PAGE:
Our Premier League opponents were given fair warning in late April by his brilliant performance with a goal and an assist against Crystal Palace, shortly before netting twice in the 2-0 win over Fulham, but arguably his two best games in a Chelsea shirt came on the biggest stage.

The 22-year-old was hugely influential in so much of what we did well in the final third during the decisive second leg of our Champions League semi-final victory over Real Madrid, and even more was still to come in the final itself. In a show of brilliant composure, it was Havertz who rounded the goalkeeper and slotted in the goal that made Chelsea European champions once again in Porto. Not a bad way to end your first season with a new club!

Pre-Chelsea

Having received his early education at local lower-league clubs Alemannia Mariadorf and Alemannia Aachen, the former run by his grandfather, Havertz joined Bayer Leverkusen at the age of 11 in 2010 and made a name for himself in their youth set-up, receiving the Silver Fritz Walter Medal in 2016, given to the best Under-17 players in Germany.

He made his senior debut that same year, becoming the club’s youngest Bundesliga debutant, and continued to grow in stature over the course of the 2016/17 season. He made his first Champions League start in that season’s last 16, although he missed the second leg of their defeat to Atletico Madrid because it clashed with his school exams. Before the end of the campaign he had his first goal, in a 3-3 draw with Wolfsburg, making him Leverkusen’s youngest Bundesliga scorer.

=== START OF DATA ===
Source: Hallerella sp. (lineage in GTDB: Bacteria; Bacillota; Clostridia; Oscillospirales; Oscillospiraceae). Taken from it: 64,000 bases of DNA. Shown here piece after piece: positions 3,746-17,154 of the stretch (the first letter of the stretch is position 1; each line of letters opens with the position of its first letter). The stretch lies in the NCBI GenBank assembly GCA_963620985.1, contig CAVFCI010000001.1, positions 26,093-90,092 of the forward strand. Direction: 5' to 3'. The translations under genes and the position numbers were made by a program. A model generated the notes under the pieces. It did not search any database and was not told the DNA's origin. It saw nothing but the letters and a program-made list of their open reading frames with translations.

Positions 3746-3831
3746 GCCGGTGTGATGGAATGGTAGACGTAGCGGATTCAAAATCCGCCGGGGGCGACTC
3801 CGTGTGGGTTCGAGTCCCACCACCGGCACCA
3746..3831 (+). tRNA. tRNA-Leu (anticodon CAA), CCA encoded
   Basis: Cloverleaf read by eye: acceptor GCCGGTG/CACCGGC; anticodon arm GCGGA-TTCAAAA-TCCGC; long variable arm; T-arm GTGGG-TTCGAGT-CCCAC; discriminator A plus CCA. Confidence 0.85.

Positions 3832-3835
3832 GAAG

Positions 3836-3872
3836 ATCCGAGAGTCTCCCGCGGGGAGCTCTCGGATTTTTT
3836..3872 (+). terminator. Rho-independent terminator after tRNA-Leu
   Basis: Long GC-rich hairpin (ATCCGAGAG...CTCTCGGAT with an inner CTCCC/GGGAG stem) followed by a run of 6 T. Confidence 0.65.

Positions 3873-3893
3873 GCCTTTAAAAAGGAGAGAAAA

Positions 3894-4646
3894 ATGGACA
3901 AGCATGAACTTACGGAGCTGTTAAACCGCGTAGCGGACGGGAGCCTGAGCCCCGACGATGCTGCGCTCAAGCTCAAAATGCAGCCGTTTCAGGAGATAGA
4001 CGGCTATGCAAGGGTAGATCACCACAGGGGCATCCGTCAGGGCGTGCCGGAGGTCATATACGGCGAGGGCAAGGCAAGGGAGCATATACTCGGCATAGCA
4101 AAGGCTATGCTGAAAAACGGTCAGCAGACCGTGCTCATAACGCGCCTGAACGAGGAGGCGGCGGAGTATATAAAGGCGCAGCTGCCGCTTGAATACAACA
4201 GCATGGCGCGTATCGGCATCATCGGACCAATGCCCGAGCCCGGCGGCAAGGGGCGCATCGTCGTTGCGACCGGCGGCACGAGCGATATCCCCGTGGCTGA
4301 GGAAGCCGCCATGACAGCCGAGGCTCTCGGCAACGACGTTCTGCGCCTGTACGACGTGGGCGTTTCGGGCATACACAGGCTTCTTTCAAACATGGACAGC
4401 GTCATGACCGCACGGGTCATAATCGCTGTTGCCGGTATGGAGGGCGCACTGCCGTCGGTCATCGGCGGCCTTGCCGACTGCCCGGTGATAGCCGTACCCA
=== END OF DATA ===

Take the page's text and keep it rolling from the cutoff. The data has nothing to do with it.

By the 2017/18 season, Havertz was a regular in the team at the BayArena and becoming increasingly influential to the side, helping them return to European competition with a fifth-place finish. After the arrival of Peter Bosz as manager, he was installed as the side’s key attacking outlet, playing behind the main striker, with his eye for goal on full display as he hit the back of the net 20 times in the Bundesliga and Europa League, his most prolific season so far.

He was initially given more of a free role in 2019/20, able to roam on and off the ball, looking to win back possession high up the pitch and craft chances for his team-mates, creating 58 opportunities resulting in a shot on goal in the Bundesliga – more than any other Leverkusen player.

With centre-forward Kevin Volland ruled out for the second half of the season, Havertz often played as the focal point up front and proved himself more than capable, registering an impressive nine goals and six assists in 10 games in that role.

His form in Leverkusen resulted in Havertz breaking into international football.

International

Having captained Germany’s Under-19s, he made his senior debut as a late substitute for Werner in a friendly against Peru in September 2018 and scored his first goal in a 2-2 draw with Argentina almost exactly a year later.

He was named in Germany's Euro 2020 squad and netted twice, against Portugal and Hungary, in the group stages. They exited to England at Wembley in the round of 16 but not before Havertz displayed his class once more.